Teasing the Korean

Lou Reed Took the A Train

49 posts in this topic

When I saw Almost Famous with a friend, Lou and Laurie Anderson were sitting a few rows away. I passed him in the hallway at the premiere of Bang on a Can's Music for Airports too. More of an icon than musically interesting for me, this makes me feel old.

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Sad news. I was not a fan, but did like some of his stuff.

Edited by J.A.W.

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RIP. I remember playing Metal Machine Music on my college radio show, really just to tick people off. Saw him live around 1984 with the band with Robert Quine; one of the loudest concerts I ever attended.

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Loved the Velvets, back when they were still together, less a fan of the solo work, but still an interesting dude, to say the least.

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Here's a good obit from the AP. I liked this line: "(He) was as essential a New York artist as Martin Scorsese or Woody Allen."

NY Post

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I liked most of his music.

I remember when he "inducted" Leonard Cohen into the Rock & Roll Hall Of Fame.

Leonard will be 80 in 2014 & Lou's gone.

R.I.P.

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Wow, that's a hard one ... really shocked by this news!

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Sad. Thank you for the great songs Lou!

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Lou's left town. I saw him with 3 acoustic bassists. Wondered if he was influenced by Ornette. I didn't really get the Velvets while they

were i existence, but I was so much older then.

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Since this is a jazz list - and in recognition of Lou's passing - I will tell a personal story that has to do with Lou Reed and jazz:

In the early 1980s, I was a freshman majoring in jazz at a university that, at the time, had a reputation for being one of the best universities for jazz in the U.S.

As a part of my music scholarship, I had to work two hours a week at a desk dispensing keys to practice rooms. I chose a Saturday or Sunday morning slot, probably 10am to noon. I would typically bring my boom box with me. This was not only for listening to music, but - more importantly - to drown out the cacophony of 50 simultaneous readings of 50 different Charlie Parker Omnibook solos creeping through the cracks of 50 practice rooms.

One morning only a couple of weeks into the semester, I brought a cassette with "The Velvet Underground and Nico" on one side and "White Light/White Heat" on the other. A student I knew stumbled through the front doors. He was an older student - a junior or senior - who had been assigned something of a leadership role in the freshman/sophomore ensemble in which I was enrolled. He comes to the desk to get a practice room key, and he stops and listens for a minute. He asks, "What is this shit?" I reply, "The Velvet Underground." He listens for a few more seconds, then he says, "Man, you shouldn't be listening to one-chord crap like this, you need to be listening to Wynton Kelly and Red Garland, so you can get that swing feel, not this shit! Why are you listening to this?!?" I just looked at him.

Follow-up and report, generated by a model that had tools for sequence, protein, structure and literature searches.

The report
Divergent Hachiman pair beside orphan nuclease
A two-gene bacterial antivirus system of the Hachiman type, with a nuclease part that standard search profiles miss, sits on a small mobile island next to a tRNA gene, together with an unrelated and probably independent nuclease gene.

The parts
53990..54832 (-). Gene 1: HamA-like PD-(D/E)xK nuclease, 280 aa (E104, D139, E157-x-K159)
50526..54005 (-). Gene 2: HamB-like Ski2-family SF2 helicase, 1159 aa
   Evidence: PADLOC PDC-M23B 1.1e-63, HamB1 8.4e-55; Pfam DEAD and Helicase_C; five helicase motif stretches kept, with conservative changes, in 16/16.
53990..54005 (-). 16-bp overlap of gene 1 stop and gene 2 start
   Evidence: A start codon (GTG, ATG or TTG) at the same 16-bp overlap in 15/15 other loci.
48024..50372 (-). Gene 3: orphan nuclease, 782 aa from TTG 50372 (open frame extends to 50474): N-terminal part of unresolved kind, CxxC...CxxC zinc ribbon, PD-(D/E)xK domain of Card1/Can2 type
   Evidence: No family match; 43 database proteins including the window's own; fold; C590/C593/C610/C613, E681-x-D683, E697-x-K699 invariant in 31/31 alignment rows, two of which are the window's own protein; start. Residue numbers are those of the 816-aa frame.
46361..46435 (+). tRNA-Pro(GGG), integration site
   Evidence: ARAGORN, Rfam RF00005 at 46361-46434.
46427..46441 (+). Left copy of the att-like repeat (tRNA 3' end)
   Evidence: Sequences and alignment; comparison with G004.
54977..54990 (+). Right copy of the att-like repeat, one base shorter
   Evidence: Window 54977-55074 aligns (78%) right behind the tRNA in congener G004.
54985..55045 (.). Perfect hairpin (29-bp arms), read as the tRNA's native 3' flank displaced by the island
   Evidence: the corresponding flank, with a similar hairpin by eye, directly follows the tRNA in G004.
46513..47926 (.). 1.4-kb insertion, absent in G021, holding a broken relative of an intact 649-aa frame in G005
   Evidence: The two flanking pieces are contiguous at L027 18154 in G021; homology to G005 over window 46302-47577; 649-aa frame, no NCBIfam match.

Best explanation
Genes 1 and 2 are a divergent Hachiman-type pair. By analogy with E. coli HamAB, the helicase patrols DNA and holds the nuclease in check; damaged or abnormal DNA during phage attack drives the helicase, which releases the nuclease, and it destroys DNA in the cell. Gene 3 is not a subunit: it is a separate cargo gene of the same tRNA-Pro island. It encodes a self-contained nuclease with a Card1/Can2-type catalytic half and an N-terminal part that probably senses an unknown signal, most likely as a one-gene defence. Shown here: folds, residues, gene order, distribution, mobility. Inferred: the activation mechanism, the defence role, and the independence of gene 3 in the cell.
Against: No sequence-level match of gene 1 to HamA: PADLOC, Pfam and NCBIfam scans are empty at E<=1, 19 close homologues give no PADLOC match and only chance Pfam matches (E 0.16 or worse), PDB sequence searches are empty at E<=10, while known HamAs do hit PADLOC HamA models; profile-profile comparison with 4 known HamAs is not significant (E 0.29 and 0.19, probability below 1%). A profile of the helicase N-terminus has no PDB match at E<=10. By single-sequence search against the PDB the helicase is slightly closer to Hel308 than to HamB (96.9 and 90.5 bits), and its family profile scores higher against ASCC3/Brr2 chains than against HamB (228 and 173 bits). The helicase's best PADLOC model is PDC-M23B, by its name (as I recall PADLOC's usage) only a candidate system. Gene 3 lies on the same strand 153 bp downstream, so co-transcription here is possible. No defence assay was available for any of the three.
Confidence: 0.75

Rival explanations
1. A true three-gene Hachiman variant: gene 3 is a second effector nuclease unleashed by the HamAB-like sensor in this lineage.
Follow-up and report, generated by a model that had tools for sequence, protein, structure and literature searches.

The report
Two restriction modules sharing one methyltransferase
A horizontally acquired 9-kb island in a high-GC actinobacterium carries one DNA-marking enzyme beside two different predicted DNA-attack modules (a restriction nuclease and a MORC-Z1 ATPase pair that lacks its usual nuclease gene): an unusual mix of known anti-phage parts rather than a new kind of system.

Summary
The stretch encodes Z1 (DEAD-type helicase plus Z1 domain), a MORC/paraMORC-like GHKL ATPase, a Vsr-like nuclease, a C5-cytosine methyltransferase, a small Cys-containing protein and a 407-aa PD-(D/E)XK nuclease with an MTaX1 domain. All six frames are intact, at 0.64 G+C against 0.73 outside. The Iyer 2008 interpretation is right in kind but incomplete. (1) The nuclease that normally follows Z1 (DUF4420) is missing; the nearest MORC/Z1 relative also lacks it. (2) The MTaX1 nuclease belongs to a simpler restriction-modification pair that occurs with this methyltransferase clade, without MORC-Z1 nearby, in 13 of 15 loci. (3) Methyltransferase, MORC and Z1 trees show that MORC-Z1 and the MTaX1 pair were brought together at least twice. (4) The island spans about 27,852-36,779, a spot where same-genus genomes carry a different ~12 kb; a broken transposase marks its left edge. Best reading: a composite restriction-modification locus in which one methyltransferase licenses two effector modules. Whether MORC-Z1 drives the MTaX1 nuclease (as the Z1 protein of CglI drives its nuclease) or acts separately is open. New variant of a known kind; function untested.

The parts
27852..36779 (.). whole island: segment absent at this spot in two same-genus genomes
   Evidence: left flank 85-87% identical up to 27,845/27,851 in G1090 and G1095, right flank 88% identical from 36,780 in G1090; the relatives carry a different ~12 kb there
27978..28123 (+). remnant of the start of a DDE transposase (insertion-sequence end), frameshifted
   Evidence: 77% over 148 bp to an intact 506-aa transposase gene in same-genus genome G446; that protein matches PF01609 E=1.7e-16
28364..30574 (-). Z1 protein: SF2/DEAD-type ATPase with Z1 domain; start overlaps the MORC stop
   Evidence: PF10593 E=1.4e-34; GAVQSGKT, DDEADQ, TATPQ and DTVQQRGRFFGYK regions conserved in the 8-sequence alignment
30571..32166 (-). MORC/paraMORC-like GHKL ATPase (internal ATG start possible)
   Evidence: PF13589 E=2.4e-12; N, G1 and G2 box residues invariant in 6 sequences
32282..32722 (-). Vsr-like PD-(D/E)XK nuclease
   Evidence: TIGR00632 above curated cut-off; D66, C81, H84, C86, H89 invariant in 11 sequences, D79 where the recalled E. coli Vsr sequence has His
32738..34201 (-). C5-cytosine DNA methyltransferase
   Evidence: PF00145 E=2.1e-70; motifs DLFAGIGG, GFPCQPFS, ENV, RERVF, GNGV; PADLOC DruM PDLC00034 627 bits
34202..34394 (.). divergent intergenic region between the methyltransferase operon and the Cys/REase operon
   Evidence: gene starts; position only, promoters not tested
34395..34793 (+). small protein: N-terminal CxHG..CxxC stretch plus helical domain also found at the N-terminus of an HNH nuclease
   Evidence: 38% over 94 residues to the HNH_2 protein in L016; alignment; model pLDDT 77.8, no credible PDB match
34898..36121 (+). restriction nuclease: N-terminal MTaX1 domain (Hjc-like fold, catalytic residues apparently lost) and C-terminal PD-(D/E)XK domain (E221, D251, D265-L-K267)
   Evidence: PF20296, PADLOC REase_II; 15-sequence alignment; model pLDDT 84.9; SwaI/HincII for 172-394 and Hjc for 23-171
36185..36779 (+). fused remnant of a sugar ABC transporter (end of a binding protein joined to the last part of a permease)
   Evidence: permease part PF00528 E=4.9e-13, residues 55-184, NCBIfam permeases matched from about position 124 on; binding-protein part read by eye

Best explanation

This kind of got the semester off to a bad start for me, and became emblematic of everything I hated about the university jazz experience. I ended up leaving and majoring in English at a different university. It was probably four or five years before I could ever listen to a jazz record again, it was that bad.

Thank you, Lou Reed.

Edited by Teasing the Korean

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I still say Rock 'n' Roll Animal is the best live rock album ever recorded. I realize that no one agrees with me, but you're all wrong.

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Satellite's gone.... R.I.P. Lou.

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I liked this line: "Don’t rest in peace, Lou. Wherever you are now, I hope you’re giving ’em hell."

NY Post

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The only non-hendrix rock music that i have is Lou Reed's 1978 u.s. tour.

Maybe now rca will finally release the complete live sessions for the May 1978 bottom line, nyc "Live: Take No Prisoners" album. I've been wating for years.

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Considering how few records the VU sold (even to this day)....just how influential they became.


Edited by Blue Train

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Considering how few records the VU sold (even to this day)....just how influential they became.

The "everyone who bought one of those 30,000 copies started a band" quote attributed to Brian Eno about the first VU album has been wheeled out a few times today

Velvet Undreground Live 1969 was the album that did it for me....thanks Lou

Edited by mjazzg

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Considering how few records the VU sold (even to this day)....just how influential they became.

The "everyone who bought one of those 30,000 copies started a band" quote attributed to Brian Eno about the first VU album has been wheeled out a few times today

Velvet Undreground Live 1969 was the album that did it for me....thanks Lou

The Punk equivalent to that would be everyone (there was like 40 people in attendance) that saw the Sex Pistols @ the Lesser Free Trade Hall in 1976 started a band.

P.S. Same place the Judas incident happened with Dylan years earlier.

Edited by Blue Train

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